Jane Shemilt’s The Daughter is the sixth and last finalist I’ll be ranking in the Mystery Writers of America Edgar Award category of Best Paperback Original. This is my first year reviewing this category, but it’s one I plan to revisit. There’s plenty of fun to be had in reviewing Best First Novel, but that can be pretty variable in terms of quality. And of course in Best Novel I am most likely to find books I have already read. But the Best Paperback Original is consistently high in terms of writing quality while still having plenty of diversity. I’ve discovered some new “must read” authors this year… makes me wonder what I missed in previous years!
The Daughter centers on the disappearance of a 15-year-old girl, Naomi. Mother Jenny and father Ted are both physicians, but Jenny is a hard-working, overwhelmed GP, balancing her doctorly duties with her motherly ones, while Ted is a high-flying neurosurgeon. They also have twin sons, Ed and Theo. We learn early on that Naomi is not quickly found, alive nor dead, and that her disappearance has a profound impact on the family. Painful secrets are revealed, including the strong likelihood that this was not an abduction, but Naomi’s choice.
As the secrets unfurl, Jenny begins to question everything she thought she knew about her daughter, her husband, even her sons. At the same time, she questions her professional judgment when a child she thought she was saving from parental abuse is revealed to be well-loved, just poor and suffering from leukemia. That the father she accused reaches out in sympathy when he learns that Naomi is missing is a sharp reminder of her inadequacy.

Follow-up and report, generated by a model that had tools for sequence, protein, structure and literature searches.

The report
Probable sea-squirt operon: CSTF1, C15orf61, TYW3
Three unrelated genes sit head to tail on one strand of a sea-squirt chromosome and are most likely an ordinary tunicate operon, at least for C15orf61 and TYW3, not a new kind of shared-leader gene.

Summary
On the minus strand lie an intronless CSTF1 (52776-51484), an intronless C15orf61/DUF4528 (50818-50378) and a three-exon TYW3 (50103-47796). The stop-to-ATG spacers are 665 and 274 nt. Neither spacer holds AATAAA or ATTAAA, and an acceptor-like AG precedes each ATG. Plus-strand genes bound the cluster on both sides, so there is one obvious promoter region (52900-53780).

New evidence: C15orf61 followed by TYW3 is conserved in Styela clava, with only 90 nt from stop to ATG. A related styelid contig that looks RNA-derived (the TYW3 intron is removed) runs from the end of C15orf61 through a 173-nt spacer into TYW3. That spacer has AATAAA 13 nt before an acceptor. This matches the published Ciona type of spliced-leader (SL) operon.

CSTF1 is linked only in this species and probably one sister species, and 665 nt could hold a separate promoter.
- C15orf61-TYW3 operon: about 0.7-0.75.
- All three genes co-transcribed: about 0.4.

But as quick a Jenny is to blame himself, her husband seems quick to absolve himself, even when it becomes apparent that one of Ted’s errors in judgment is the cause. A young girl’s surgery gone wrong, for which Ted failed to take the blame or even say “I’m sorry,” inspired one of the girl’s family to take revenge, not only seducing Naomi away but getting her brother hooked on drugs.
Over a year later, Jenny is still hanging on, coming to terms with what happened. Ted has come to regret his choices, their sons are doing well, and Jenny is a stronger person. The mystery of what truly happened to Naomi is resolved for Jenny and for the reader, and it is a pain-filled and yet hopeful resolution.
Shemilt reveals the story slowly, weaving back and forth in time from just before the disappearance to the days and months ahead. A second reading of the book shows just how well the author shows us what is happening through Jenny’s clouded perspective – no cheating – so that when the truth is revealed and we look with that realization, we see it was there all along. The final chapter is a stab to a mother’s heart.
Comparing The Daughter to the other finalists, it is certainly most similar to What She Knew. I went back and forth where to place it on the ranking, and could make a case for almost anywhere in the middle. Ultimately, I’m putting The Daughter at #2 because of the complexity of the plot and the strong characterization.
Congrats to The Long and Faraway Gone for maintaining the top spot. We’ll have to see come April 28 if the MWA judges agree with my call.
Literary Lunchbox Edgar Ranking: Best Paperback Original
- The Long and Faraway Gone by Lou Berney
- The Daughter by Jane Shemilt
- Gun Street Girl by Adrian McKinty
- The Necessary Death of Lewis Winter by Malcolm Mackay
- Woman with a Blue Pencil by Gordon McAlpine
- What She Knew by Gilly MacMillan